How Transplanted Livers Help Defend against Rejection in Multiple-Organ Transplantations

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A new study points to factors involved in the reduced likelihood of rejection in liver-kidney transplant recipients compared with solitary kidney transplant recipients.

“For many years, transplant physicians and researchers have known that the liver transplant recipients require less immunosuppression than the recipients of other organs, to prevent rejection,” said Timucin Taner, MD, PhD, a transplant surgeon at the Mayo Clinic and lead author of the Kidney International study. “This has been attributed to the liver being less immunogenic compared to the other commonly transplanted organs; however, the liver itself is an immunologically active organ, so we hypothesized that this phenomenon is more of an active process, brought about uniquely by the liver.”

Over the past several years, Taner and his colleagues have systematically investigated this question by comparing the clinical outcomes of multiple organ transplant recipients, as well as the histologic and genetic changes that occur in the allografts of these patients. An earlier study revealed that, when compared with kidneys from solitary kidney transplant recipients, kidneys of simultaneous liver-kidney transplant recipients had fewer molecular markers of inflammation and T-cell activation and greater expression of genes associated with tissue integrity and metabolism

In this latest study of 28 simultaneous liver-kidney transplant recipients, 61 recipients of a solitary kidney, and 31 recipients of liver allografts, the phenotypic and functional characteristics of the circulating blood cells of the simultaneous liver-kidney transplant recipients resembled those of solitary liver transplant recipients and were associated with donor-specific hypo-alloresponsiveness.

Solitary kidney transplant recipients had more circulating CD8+ cytotoxic T cells, activated CD4+ and effector memory T cells, and interferon gamma–producing alloreactive T cells. Simultaneous liver-kidney transplant recipient T cells had a lower proliferative response to donor cells compared with solitary kidney recipients (11.9% vs. 42.9%), but their response to third party cells from a different donor was unaltered.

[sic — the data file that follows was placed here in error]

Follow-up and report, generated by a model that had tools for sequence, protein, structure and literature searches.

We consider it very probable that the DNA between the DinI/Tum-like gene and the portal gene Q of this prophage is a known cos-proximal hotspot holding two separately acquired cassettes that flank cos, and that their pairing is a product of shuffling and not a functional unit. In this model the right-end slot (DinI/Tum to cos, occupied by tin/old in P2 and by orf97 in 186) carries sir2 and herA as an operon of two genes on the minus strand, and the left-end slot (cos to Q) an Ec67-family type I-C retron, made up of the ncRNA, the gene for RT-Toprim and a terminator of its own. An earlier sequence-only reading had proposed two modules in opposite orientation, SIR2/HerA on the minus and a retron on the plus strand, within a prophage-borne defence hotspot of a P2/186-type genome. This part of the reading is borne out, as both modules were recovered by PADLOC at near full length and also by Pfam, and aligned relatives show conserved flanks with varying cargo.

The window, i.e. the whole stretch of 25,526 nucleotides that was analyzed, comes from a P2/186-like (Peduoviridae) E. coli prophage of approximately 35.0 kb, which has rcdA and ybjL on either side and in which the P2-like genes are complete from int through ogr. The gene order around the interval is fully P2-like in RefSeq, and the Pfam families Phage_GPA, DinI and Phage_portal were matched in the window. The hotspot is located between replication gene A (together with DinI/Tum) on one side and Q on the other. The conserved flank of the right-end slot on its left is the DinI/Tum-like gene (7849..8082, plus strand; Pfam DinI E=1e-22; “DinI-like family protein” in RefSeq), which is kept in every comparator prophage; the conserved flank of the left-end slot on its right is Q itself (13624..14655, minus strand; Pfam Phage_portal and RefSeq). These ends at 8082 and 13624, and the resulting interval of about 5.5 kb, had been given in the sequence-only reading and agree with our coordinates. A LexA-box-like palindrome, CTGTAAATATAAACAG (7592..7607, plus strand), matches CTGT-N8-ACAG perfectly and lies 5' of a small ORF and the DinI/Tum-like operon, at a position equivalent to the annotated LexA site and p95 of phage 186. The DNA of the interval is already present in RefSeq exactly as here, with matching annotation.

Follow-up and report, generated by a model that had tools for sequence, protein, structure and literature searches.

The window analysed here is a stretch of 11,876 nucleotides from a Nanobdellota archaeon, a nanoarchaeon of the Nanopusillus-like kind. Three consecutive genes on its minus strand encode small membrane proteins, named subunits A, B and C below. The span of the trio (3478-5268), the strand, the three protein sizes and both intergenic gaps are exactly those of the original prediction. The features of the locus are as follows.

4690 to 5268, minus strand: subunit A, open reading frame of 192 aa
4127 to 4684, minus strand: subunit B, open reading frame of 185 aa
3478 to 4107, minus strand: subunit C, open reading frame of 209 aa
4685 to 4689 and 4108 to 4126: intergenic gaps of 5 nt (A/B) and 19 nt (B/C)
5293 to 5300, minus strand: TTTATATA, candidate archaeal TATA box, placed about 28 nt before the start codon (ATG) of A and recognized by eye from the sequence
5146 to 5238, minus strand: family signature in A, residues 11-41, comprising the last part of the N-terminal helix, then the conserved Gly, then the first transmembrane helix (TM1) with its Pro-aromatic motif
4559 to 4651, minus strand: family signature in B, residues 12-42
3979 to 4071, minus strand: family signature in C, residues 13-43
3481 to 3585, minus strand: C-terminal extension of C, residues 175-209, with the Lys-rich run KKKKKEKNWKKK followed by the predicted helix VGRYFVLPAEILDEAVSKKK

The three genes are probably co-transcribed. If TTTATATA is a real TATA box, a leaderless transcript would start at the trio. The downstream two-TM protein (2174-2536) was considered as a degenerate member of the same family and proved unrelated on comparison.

The results indicate that the circulating white blood cells of liver transplant recipients are less reactive to the transplanted organ than the same cells of kidney transplant recipients.

“In the current study, we demonstrate for the first time that the overall alloimmune responses in liver transplant recipients are downregulated while the immune responses to other antigens are preserved,” Taner said.

He noted that the goal in any organ transplantation is to achieve long-term function of donor organs with minimal immunosuppression so as not to increase patients’ risk for infection, cancer, and other issues.

“Given the findings of the current study and our previous publications, it appears that liver allografts have the unique ability to reduce the overall need for immunosuppression,” Taner said. “Our goal is to find out the underlying mechanisms, so that novel therapeutic approaches could be used.”

Such a strategy may help patients receiving various types of transplants reduce their need for anti-rejection drugs.

“These findings are significant as they provide the first evidence from a direct comparison of simultaneous liver-kidney and solitary graft recipients that the liver graft regulates host alloimmunity,” noted Angus Thomson, PhD, DSc, Distinguished Professor of Surgery and Immunology at the University of Pittsburgh, who was not involved with this research. “While the study was not designed to elucidate underlying mechanisms, the findings suggest that identification of mechanisms may lead to design of improved therapeutic strategies in renal transplantation and other immune-mediated kidney disorders.”

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